THE PULSE: What inspired the creation of Rocket Rabbit?
BAKER: I had a job once where I had to design a bunch of cartoony robots and one of the designs that didn't get submitted appealed to me so I kept it and later refined it until he became the current design. Then I started to wonder who he was, and what other characters he might work with and so on. So Rocket just grew over time. In hindsight looking at Rocket Rabbit and the Professor,
THE PULSE: What made you want to lead off the series with his adventures?
BAKER: I have a backlog of stories and I am putting them out in the order of oldest first. Plus I wanted to start with something light and goofy as I felt those kind of stories would be more forgiving as I grope my way around the comics medium. Later on I want to try more sophisticated stuff, but I gotta get my story telling chops up first.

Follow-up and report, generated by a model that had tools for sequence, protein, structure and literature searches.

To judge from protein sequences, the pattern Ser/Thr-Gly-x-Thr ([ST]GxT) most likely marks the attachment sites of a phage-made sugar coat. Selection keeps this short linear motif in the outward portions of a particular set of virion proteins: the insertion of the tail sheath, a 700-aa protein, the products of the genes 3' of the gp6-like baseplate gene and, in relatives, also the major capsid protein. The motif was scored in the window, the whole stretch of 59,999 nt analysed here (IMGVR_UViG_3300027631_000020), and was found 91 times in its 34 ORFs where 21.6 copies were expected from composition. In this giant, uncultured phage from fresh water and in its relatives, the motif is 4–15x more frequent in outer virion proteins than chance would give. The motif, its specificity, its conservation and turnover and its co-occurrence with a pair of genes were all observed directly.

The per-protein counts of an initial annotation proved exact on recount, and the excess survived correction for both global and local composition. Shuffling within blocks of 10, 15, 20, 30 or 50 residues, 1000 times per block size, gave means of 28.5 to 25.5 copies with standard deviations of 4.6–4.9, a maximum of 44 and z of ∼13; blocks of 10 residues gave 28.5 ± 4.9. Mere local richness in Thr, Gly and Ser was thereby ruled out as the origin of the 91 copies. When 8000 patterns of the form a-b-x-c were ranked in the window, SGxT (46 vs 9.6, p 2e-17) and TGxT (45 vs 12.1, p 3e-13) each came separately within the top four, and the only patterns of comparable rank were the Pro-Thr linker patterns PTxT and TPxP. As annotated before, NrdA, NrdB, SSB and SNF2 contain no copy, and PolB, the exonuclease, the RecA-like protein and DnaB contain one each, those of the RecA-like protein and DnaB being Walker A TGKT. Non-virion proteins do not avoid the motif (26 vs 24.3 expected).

THE PULSE: Who is The Professor? How did she come to work with Rocket Rabbit?
BAKER: The Professor is Rocket Rabbit's inventor and she teams up with him on his missions as he isn't bright enough to run a mission by himself. Apart from that she is a mysterious figure, but it is rumored that she was raised by circus bears.
THE PULSE: If you had to compare issue zero with some instantly recognizable TV or cartoons, what would you compare the story to?
BAKER: Those kind of comparisons are difficult for me to make, but others have mentioned Powerpuff Girls and stuff like that, you know; cartoon-action or cartoon sci-fi stuff. There's probably elements of the Get Smart, Austin Powers and any other goofy hero stuff that you've ever seen. The back-up story is totally different though... that's more like.... "Arzarch" for kids.